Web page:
It’s always a thrill to be able to connect a name with a plant. I enjoy being able to identify unknowns for others, and I’m delighted when someone can help me with those I’m puzzled by, but the very best feeling comes from figuring out an ID for myself.
This salvia has been taunting me for months, ever since I grew it from seed back in the spring. I’d ordered it from a seed exchange as a Lepechinia, but on the seed packet, the genus name had been changed to Salvia. Ok, well…I’m always game to try something new, so I sowed the seeds and got a nice crop of sturdy seedlings. Not knowing what exactly to expect, I tried them in a few spots.
In not-great soil, they reached maybe 18 inches in bloom. Not very floriferous, but nice foliage.
In very rich soil, they shot up to somewhere between 6 and 7 feet.
Flowering began around late August, with somewhat sparse. clear blue flowers.
Google was originally of little help in searching for an ID: Try searching for the words blue and salvia and you end up with over a million web references and almost 200,000 images. Most are for either S. farinacea or S. guarantica, but there are also many other salvias with blue flowers. Hmmm.
I decided that my fellow bloggers could probably solve the mystery in minutes, so the orginal draft of this post was my plea for help. I wanted to appeal to fellow salvia-lovers, whom I addressed as “salviaphiles.” Out of curiosity, I tried Googling that term and, among the links to many less-innocent salvia references, happened to spot Robin’s Salvias. A few minutes of clicking through the extensive photo gallery, and whoa! – my mystery plant now has a name: Salvia macrophylla.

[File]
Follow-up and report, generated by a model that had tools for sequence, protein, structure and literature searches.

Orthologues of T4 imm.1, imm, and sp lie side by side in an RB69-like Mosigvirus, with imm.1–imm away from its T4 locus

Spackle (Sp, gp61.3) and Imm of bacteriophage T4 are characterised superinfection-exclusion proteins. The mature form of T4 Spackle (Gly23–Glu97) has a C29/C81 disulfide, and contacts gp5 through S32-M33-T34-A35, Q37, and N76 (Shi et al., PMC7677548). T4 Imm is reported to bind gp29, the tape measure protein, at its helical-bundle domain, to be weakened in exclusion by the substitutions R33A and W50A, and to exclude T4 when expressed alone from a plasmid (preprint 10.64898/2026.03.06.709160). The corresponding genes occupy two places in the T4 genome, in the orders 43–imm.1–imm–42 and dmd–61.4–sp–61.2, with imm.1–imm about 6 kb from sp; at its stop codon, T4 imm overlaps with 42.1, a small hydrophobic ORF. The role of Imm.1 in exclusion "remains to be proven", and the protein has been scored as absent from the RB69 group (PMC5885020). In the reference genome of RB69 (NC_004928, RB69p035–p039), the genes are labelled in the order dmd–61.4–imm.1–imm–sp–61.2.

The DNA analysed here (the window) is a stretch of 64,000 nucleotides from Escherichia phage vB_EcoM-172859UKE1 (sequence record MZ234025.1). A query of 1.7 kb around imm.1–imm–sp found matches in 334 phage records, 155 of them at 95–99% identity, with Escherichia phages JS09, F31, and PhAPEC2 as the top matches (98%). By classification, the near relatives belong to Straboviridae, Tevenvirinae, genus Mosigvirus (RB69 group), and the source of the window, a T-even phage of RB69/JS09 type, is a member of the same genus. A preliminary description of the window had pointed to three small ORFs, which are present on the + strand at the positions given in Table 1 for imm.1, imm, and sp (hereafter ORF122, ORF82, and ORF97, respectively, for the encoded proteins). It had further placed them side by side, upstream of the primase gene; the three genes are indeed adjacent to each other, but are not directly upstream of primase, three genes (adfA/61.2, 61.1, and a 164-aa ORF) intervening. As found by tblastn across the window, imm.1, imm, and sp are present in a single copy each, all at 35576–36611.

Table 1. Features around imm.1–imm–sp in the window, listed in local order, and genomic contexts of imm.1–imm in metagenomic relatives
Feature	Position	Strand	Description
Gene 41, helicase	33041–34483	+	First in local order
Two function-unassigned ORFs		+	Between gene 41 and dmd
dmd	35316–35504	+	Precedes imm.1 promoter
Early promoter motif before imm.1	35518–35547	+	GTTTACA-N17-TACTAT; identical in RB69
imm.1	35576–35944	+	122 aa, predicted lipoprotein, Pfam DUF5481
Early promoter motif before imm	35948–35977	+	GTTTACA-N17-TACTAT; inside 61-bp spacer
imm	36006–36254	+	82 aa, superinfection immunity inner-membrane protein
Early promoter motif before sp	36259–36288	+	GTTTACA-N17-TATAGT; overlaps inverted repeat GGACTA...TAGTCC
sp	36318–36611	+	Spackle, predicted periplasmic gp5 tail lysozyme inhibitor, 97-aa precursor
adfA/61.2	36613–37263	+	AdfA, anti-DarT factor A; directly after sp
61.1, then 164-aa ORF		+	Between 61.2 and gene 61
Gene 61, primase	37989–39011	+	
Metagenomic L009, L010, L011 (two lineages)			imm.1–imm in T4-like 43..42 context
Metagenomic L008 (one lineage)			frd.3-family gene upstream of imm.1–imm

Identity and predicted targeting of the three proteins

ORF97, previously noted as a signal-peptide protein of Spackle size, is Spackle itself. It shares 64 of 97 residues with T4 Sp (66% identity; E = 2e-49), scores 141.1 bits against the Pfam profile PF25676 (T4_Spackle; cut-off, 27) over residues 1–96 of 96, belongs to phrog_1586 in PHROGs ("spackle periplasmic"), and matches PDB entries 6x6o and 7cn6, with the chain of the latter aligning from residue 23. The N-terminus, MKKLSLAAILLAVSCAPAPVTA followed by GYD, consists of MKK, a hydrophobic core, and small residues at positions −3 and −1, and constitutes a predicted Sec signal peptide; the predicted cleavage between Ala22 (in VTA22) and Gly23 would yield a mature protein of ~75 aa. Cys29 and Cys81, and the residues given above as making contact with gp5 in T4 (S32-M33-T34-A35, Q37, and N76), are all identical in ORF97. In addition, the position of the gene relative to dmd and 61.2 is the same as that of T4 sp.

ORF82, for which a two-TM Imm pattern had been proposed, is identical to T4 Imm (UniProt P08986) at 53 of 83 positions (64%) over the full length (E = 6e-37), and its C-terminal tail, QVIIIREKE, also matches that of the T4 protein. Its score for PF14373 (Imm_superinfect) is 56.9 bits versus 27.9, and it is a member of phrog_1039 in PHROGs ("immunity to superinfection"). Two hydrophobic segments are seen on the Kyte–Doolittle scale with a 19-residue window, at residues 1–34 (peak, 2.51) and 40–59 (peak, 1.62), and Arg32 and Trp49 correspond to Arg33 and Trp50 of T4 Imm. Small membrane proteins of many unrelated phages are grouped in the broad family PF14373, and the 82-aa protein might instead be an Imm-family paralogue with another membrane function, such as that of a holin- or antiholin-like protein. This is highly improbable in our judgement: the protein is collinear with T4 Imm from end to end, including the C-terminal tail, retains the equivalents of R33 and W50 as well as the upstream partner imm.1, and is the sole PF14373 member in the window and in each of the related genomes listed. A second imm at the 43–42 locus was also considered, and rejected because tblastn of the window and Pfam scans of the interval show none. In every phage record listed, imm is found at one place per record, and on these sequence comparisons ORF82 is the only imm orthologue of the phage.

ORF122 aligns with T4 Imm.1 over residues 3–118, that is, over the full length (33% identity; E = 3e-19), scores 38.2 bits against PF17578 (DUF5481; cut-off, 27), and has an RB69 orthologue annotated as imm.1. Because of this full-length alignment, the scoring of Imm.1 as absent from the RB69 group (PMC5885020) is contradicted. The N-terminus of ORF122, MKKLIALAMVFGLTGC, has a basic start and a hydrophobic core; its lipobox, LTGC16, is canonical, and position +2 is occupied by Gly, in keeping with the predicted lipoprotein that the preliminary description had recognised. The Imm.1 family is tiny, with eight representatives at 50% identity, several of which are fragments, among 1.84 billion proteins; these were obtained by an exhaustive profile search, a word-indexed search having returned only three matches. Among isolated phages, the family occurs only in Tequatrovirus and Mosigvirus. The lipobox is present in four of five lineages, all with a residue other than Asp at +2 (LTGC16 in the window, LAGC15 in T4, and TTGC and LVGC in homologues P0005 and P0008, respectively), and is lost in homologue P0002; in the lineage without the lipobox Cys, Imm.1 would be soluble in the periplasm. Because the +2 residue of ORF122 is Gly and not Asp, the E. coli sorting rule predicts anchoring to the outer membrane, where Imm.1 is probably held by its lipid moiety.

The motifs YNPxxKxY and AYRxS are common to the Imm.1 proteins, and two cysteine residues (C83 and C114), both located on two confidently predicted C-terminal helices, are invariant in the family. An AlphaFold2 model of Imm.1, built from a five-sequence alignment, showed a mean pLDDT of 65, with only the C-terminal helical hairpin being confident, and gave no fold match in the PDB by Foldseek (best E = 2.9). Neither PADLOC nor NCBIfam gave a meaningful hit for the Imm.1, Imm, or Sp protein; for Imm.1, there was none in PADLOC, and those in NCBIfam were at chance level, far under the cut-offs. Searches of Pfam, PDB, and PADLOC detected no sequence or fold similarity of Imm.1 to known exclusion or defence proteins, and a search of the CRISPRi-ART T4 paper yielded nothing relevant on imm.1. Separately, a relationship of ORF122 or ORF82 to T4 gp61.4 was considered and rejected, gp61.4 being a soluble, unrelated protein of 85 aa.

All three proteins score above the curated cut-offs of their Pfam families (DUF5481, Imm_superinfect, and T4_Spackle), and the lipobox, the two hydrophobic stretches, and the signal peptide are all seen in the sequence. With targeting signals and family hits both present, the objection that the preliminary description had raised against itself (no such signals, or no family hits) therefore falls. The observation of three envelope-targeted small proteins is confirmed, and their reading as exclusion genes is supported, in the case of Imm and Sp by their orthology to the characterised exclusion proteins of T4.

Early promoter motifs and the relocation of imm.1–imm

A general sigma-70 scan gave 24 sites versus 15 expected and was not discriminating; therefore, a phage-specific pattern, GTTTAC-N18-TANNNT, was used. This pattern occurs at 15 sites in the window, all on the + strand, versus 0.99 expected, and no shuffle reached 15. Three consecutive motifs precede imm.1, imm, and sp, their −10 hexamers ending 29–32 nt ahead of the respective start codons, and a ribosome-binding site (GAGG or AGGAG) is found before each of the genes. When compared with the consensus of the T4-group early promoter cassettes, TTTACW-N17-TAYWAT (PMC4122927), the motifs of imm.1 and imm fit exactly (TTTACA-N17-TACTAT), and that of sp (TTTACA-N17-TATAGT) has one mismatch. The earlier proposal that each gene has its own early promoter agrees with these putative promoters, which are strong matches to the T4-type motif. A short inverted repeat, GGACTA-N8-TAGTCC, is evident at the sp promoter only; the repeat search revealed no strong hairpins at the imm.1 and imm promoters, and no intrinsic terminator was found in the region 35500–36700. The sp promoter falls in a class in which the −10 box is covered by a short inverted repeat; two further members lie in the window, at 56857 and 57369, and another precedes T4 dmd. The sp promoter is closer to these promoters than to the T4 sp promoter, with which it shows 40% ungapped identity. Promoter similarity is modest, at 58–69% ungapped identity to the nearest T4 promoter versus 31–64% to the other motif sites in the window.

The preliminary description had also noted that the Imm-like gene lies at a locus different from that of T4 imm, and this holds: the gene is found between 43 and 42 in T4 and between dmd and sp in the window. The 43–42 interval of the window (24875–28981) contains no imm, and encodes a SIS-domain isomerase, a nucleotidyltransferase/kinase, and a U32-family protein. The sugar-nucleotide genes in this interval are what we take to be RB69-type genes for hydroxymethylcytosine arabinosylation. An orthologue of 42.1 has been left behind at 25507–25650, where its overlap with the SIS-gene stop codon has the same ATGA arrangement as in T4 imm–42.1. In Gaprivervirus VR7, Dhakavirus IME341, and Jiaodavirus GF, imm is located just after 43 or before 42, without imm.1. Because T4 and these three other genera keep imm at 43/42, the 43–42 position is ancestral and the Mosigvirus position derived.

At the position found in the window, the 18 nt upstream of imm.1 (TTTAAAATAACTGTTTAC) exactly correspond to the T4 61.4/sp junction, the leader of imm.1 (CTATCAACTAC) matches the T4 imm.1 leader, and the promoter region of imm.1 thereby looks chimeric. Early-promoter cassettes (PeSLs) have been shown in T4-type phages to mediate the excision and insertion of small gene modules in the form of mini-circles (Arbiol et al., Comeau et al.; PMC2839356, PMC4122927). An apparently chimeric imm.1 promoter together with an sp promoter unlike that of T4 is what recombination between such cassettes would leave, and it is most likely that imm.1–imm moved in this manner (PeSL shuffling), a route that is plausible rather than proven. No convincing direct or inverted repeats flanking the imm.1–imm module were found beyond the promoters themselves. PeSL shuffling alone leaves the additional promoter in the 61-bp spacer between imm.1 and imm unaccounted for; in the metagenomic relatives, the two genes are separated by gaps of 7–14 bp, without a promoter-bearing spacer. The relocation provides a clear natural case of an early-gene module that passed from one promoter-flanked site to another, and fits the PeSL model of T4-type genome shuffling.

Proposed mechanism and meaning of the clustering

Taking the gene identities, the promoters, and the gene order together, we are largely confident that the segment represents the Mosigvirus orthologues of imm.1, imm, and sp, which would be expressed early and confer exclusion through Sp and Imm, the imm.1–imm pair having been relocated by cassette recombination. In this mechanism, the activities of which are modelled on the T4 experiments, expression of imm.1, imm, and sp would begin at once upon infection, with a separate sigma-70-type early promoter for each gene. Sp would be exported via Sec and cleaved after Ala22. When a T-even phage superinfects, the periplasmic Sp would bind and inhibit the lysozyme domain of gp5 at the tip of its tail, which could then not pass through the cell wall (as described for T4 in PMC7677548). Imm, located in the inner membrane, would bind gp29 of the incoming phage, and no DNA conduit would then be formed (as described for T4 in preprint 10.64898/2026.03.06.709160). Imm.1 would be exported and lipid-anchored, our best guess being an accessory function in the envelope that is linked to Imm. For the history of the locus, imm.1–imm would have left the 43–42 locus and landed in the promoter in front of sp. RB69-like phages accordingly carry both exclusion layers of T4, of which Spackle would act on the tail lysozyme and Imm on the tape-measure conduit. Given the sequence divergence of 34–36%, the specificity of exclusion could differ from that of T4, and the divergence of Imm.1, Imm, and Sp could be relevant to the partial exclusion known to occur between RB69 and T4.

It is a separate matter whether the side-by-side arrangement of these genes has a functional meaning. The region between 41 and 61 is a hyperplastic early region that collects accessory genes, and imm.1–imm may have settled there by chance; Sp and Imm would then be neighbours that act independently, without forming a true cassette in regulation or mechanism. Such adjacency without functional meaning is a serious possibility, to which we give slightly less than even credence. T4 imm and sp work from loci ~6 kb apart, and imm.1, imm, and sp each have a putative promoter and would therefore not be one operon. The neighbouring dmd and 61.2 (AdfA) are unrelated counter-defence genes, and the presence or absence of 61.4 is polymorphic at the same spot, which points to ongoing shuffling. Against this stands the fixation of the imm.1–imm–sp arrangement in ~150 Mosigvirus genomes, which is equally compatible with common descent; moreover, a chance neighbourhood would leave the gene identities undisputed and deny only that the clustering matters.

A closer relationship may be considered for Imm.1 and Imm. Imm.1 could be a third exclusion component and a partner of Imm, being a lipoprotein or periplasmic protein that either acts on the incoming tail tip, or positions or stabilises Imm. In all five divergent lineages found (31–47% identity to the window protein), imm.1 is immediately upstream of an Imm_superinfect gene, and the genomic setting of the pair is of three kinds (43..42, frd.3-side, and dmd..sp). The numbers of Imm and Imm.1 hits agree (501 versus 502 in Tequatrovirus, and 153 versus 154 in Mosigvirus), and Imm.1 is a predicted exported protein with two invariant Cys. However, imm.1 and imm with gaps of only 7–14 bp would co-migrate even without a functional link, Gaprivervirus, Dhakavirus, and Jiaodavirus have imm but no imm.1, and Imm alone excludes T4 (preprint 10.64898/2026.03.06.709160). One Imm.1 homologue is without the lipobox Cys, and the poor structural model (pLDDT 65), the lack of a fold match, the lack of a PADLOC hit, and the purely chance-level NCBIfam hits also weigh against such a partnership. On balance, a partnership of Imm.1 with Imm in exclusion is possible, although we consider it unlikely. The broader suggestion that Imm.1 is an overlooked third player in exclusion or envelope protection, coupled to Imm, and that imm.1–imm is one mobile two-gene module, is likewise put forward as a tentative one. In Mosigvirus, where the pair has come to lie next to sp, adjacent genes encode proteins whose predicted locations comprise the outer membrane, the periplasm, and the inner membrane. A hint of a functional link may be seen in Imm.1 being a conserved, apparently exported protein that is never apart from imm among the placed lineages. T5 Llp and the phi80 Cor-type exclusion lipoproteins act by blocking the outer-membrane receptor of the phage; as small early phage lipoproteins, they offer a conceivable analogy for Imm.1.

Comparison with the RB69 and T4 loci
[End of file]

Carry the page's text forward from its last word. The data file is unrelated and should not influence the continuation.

Kind of a let-down, actually. Talk about stating the obvious: wow, it’s a salvia with big leaves; let’s call it Salvia macrophylla. I probably could have figured that out for myself if I’d tried harder. Oh, well. A few other references offer Salvia ‘Peru Blue’ and ‘Tingo Blue’ as synonyms. And now I know it’s not frost-hardy. Apparently there are are two forms: a lower, spreading one that looks like the clump I had in clayey soil and the very upright form that looks like the plants I had in loose, rich soil. I’m not sure if I had two different forms from one seed batch or if (as seems more likely) the soil conditions made a big difference.
It’s not a plant I’d enthusiastically recommend, but if you’re looking for something a little different foliage-wise for containers or borders, if you’re fanatical about true blue flowers, or if you’re a salvia-lover who simply must grow every species you can find, plants are available by mail-order from the good folks at Annie’s Annuals.